The CollegeVine Blog

The CollegeVine (formerly Admissions Hero) Blog is your go-to source for all things academics, applications, and extracurriculars, straight from our team of top-tier admissions experts.

  • Ultimate Guide to the New SAT Writing and Language Test

    The SAT Writing and Language Test is one of two components of the Evidence-Based Reading and Writing portion of your SAT. This section replaces the Critical Reading Test and Writing Test from the previous iteration of the SAT. The new Writing and Language test takes place at a much quicker pace than the previous test’s version, with just 35 minutes allowed to complete 44 questions. The new test also places a greater emphasis on the meaning of words in extended contexts and on how word choice shapes the meaning, tone, and impact of a written piece.

    To learn more, read on for the CollegeVine Ultimate Guide to the New SAT Writing and Language Test.

  • Ultimate Guide to the New SAT Essay

    As with all things new, the new SAT has taken some getting used to. Students, parents, teachers, and tutors alike have had to adjust to some significant changes in format and content. But the good news is that the new SAT is no longer an unknown variable. The essay in particular is now a well-known and understood piece of the puzzle, with the prompt remaining the same on each administration of the test. The only thing changing is the passage to be analyzed.

    To learn more about the SAT Essay and how you can best prepare for it, read on.

  • So, What is the SAT Anyway? (A Newbie’s Guide to the College Board SAT)

    The SAT is a long-standing test used to assess college and career-readiness. It is most commonly used for college admissions and is one of the most common standardized tests in the college admissions world. Originally known as the Scholastic Aptitude Test, next as the Scholastic Assessment Test, then as the SAT I: Reasoning Test, it is now simply known as the SAT, and has no official acronym associated with it anymore. The SAT is managed and published by the private, not-for-profit corporation College Board, and is administered on behalf of the College Board by the Educational Testing Service.

    While more than 6.7 million test-takers completed an SAT- or PSAT-related assessment in the 2015-2016 school year, the test wasn’t always so popular. In fact, the growth of the SAT program from nearly nothing to its current popularity over the past century speaks to its ability to adapt with the ever-changing environment of American education and student learning goals. Although it may be unrecognizable from its original form, today’s SAT serves the same purpose as it did 90 years ago, when it was administered to high school students for the very first time. But its roots go even further back. To learn more about the SAT exam, from its controversial origins to today’s current test format, read on.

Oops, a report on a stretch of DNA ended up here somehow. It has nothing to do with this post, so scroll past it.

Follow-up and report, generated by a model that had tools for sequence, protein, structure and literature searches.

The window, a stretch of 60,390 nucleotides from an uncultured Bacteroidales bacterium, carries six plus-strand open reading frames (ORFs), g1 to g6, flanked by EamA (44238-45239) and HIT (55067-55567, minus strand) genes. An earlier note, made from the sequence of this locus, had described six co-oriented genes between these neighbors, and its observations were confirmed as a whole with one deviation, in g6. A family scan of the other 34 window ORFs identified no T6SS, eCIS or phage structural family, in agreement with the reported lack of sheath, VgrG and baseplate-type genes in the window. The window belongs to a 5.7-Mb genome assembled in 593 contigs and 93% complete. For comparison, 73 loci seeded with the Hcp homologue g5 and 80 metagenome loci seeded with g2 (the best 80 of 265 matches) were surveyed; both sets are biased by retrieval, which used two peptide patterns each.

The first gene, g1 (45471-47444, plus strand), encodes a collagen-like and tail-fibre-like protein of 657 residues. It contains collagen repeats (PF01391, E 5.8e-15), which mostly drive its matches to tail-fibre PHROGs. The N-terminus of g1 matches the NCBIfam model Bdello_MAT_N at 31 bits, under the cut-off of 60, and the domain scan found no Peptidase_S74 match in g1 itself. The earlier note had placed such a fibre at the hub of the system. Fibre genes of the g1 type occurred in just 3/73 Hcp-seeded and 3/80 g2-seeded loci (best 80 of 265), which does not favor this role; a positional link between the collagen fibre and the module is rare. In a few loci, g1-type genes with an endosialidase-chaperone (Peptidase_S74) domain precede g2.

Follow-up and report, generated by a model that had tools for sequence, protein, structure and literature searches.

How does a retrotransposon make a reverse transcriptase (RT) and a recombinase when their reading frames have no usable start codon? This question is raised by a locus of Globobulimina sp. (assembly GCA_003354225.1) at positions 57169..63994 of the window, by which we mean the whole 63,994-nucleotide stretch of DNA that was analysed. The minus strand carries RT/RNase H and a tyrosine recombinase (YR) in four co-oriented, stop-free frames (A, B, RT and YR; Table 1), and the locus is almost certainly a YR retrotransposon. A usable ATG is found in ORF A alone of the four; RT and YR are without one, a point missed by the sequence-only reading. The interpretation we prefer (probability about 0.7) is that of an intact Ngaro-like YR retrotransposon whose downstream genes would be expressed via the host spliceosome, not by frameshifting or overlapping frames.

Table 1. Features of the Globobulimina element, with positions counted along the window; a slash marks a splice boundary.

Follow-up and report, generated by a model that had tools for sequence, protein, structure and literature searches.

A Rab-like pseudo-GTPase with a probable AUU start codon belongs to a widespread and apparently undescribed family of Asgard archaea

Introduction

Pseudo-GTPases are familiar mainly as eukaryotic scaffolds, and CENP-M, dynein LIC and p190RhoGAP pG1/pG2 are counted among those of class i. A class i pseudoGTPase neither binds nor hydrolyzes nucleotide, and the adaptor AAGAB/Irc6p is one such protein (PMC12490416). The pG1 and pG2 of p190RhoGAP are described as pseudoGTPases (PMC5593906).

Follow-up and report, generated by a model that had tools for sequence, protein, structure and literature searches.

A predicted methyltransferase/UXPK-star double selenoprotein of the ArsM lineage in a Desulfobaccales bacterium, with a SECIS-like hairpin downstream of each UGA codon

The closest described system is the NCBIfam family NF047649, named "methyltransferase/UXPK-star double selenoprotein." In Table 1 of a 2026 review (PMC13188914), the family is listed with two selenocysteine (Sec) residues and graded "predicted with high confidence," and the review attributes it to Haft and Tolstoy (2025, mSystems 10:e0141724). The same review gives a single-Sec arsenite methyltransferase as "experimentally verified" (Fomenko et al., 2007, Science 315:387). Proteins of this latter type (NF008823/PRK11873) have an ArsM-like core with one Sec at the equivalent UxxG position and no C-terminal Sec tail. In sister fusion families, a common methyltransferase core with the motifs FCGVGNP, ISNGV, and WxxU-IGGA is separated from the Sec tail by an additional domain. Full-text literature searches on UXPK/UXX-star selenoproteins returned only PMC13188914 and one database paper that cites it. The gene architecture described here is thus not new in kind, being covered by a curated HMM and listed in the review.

• Ultimate Guide to the New SAT Reading Test

    The SAT has been consistently adapted over time to reflect ongoing changes in the American education system. Since 1994, it has changed to include the use of a calculator on the math section, the addition of writing skills, and the elimination of analogies. Still, when the most recent changes were announced in 2014, to be enacted in 2016, a wave of discomfort swept over college admissions advisors, high school students, and test prep experts. What would the new test look like? How would test prep need to change to best suit it? How would student performance on the new test measure up?

    Well, the results are in now, and advisors, students, and test prep experts alike can relax. Enough data has been gathered and insights lent; the prep materials for the newest version of the SAT are here. The experts at CollegeVine have spent the past six months consulting and revising, pouring over resources from the College Board, Khan Academy, and private sources, to develop a fine-tuned and accurate prep guide for the new SAT, and we are excited to be able to share a preview of it here with you now.

  • Summer Activity Ideas for the Hopeful Future Lawyer

    For many high schoolers, the school year is a busy time packed not only with required coursework, but also with sports, clubs, and service projects too. For the student who has some idea of a potential career path through and beyond college, planning these activities may take on even more meaning. Aspiring pre-med students may volunteer at the hospital and take a course load heavy with math and science. Prospective political science majors are likely getting their feet wet in student government while studying history and the social sciences.